Fear is the Mind-Killer

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The Perils of Complacency

We are creatures of routine. We aspire to and covet stability. Through stability we discover comfort. But, as emphatically cautioned in Frank Herbert’s enduring Dune novels, it’s in comfort and stability that we become trapped, unable to envision new boundaries beyond our individual status quos.

We create habits out of a need for efficiency and necessity, thus, as noted in this paper for Biological Psychiatry, removing the burden of thought that may otherwise hinder us from moment to moment. We form go-to choices around workday breakfast or lunch items, around what time we have coffee or a workout. We organize our day every day around pre-forged decisions.

Though seemingly harmless, the trap of routine can easily permeate more significant areas of our lives. When we grow so comfortable with our current skills regardless of shifting job market trends, we invite the risk of complacency and eventual obsolescence. When we similarly refuse to acknowledge and remedy the limitations of our perspectives or personality blind spots, as delineated in this video on the SurePeople Prism®, we risk harming our relationships and our very goals.

Resigning ourselves to our limitations and automatic behaviors like the Fremen of Dune cling to rituals, casts a veil over imagination and innovation. Emphasized in this research by the University of Southern California, our habits pose an intricate influence on how we pursue and whether we achieve our goals. Thus comfort in routine presents itself as a double-edged Arrakis crysknife, offering predictability at the expense of creativity.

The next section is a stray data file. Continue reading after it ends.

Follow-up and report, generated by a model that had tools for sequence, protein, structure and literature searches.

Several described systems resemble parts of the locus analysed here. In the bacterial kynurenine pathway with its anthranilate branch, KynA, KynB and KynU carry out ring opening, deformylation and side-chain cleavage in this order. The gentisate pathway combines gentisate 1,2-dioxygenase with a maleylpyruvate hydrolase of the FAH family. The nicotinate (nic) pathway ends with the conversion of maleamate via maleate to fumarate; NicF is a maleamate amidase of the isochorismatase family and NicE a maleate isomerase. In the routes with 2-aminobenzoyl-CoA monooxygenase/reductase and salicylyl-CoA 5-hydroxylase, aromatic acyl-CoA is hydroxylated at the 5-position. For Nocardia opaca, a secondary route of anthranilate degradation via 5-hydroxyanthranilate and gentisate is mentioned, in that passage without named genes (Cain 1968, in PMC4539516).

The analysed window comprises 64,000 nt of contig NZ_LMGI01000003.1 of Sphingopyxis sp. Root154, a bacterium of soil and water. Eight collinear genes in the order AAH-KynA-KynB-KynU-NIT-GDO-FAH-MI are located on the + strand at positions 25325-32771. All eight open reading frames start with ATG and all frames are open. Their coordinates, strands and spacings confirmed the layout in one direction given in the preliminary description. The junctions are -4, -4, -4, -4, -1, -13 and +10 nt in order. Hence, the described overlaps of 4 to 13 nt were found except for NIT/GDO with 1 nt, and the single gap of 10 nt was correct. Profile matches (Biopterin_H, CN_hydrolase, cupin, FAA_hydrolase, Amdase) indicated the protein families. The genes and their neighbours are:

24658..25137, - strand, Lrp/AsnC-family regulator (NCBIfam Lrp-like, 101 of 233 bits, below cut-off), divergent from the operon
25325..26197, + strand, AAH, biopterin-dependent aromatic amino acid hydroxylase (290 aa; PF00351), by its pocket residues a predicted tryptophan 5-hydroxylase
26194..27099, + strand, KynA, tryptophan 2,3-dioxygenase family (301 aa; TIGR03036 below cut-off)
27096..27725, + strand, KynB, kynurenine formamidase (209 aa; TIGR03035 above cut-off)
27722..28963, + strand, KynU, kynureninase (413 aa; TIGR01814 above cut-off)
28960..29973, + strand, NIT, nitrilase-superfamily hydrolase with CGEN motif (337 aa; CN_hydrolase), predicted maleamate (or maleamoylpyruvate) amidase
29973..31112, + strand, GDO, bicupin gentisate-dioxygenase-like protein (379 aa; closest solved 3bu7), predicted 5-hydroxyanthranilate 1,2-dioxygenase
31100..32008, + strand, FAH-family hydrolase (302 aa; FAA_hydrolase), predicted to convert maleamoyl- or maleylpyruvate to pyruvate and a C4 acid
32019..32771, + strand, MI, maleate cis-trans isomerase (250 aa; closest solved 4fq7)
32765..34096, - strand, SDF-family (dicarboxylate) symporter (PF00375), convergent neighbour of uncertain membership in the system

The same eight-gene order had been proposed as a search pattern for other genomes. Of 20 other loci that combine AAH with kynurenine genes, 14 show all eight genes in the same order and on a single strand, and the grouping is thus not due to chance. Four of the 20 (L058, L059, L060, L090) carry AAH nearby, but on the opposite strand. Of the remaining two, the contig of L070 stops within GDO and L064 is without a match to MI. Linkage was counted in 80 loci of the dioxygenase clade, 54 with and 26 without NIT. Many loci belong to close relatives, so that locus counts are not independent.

This is not to say that every shred of routine must be evaded—only that which cultivates the cowardice of complacency. As goes Dune’s famed litany against fear, explained here by Forbes, fear is the mind-killer. We fear unpredictability, so we may naturally shy away from pushing ourselves toward the unfamiliar or the new. We may cling to old adages and antiquated beliefs or practices. We dismiss pursuits of self-growth and stagnate rather than innovate our skills and abilities.

Fear teaches us to avoid the things that make us fearful. Neuroscientist Arash Javanbakht, exploring the psychology of fear in this Hidden Brain podcast, warns of how we allow fear to become a self-fulfilling prophecy. As taught by Herbert’s litany, we must allow fear to pass through us. It must be conquered through mindfulness and a conscious practice of challenging our perspectives and broadening our horizons.

Though routine can be a comforting companion, we must take heed of the tale of Paul Atreides, whose hero’s journey warns of the perils of predictability and routine. Through greater awareness of ourselves and our unique blind spots, as denoted by our individual Prism Practice Areas, we can envision new possibilities. We can break free of our accepted limitations and expand our sights to a universe where change is the ultimate spice.

“I’m going to rub your faces in things you try to avoid. I don’t find it strange that all you want to believe is only that which comforts you. How else do humans invent the traps which betray us into mediocrity? How else do we define cowardice?”
– Frank Herbert

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